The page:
Deirdre Mahlan will replace Larry Schwartz as president of Diageo North America later this year

Deirdre Mahlan will replace Larry Schwartz as president of Diageo North America later this year

Yesterday's appointment news from Diageo has echoes of a similar HR switch at SABMiller two years ago - a question of perceived suitability.

Earlier this week, Diageo announced that its group CFO, Deirdre Mahlan, will move later this year to become president of Diageo North America. Mahlan, who moved to London to head up Diageo's financial department in 2010, has worked in the drinks industry since 1992, having joined Seagram prior to Diageo's acquisition of the company in 2001.

Some may query the move, based on Mahlan's career thus far having been based in various accounts divisions. Diageo's counter-argument to that yesterday was that she knows the North American market well, having been CFO for the region prior to her move to London.

That argument doesn't hold water, though – that just means, surely, that she's previously counted North American beans rather than the group's beans, no?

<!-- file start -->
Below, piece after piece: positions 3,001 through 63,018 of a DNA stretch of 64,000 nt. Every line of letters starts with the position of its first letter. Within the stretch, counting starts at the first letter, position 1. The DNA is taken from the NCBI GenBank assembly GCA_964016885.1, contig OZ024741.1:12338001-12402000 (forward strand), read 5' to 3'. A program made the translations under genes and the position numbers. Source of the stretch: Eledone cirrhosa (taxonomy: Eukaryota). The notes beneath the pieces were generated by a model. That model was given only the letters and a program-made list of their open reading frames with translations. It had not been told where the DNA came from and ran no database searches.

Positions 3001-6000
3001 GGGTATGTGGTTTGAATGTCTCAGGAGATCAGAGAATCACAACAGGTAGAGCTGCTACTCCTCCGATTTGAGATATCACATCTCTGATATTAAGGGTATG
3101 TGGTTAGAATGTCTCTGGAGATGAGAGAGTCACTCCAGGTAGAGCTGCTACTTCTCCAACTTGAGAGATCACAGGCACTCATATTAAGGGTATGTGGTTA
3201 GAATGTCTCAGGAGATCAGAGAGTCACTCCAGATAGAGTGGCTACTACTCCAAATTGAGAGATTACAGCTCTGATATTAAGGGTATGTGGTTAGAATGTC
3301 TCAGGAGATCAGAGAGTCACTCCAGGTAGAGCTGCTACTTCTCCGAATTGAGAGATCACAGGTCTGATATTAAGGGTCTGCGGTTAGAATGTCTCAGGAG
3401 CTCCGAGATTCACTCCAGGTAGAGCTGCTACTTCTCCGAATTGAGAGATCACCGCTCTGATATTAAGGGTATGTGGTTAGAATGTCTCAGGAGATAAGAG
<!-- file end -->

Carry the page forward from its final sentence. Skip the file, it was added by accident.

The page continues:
Like SABMiller's appointment in 2012 of Sue Clark as head of European operations – her prior role was director of corporate affairs – yesterday's news may prompt queries of suitability to the new role. Like Clark's move, however, I can strongly vouch for Mahlan's suitability.

Put simply, what makes Mahlan the right person for the job, in my eyes, is that she is one of the most switched-on executives that I have met in my time covering the drinks industry.

There may be some analysts that will query the move, but I know at least four who will join me in praising it. Three years ago, at Diageo's investor conference in Miami, Mahlan held court to myself and these aforementioned analysts at a dinner. As we ate, Mahlan handled every question – including less geeky, more market-related ones – with great grace and impressive aplomb. "She's not very… finance-y for a CFO," one analyst told me afterwards.

Another time when Mahlan impressed came late last year when I spoke to her following Diageo's divestment of Bushmills and subsequent full purchase of Don Julio. During our time on the phone, she gently admonished me for having suggested that Diageo had admitted defeat in the Irish whiskey sector, while also admitting that Pernod Ricard's Jameson, with 68% global market share, "has transcended the category".

Again, not very finance-y.

Where wobbles may be felt, meanwhile, stem from Diageo not yet having a replacement CFO lined up for Mahlan. That said, she won't be heading home to the US before the end of this year.

And, with North America representing 45% of Diageo's group operating profits, Mahlan will have a whole lot of beans to keep her busy.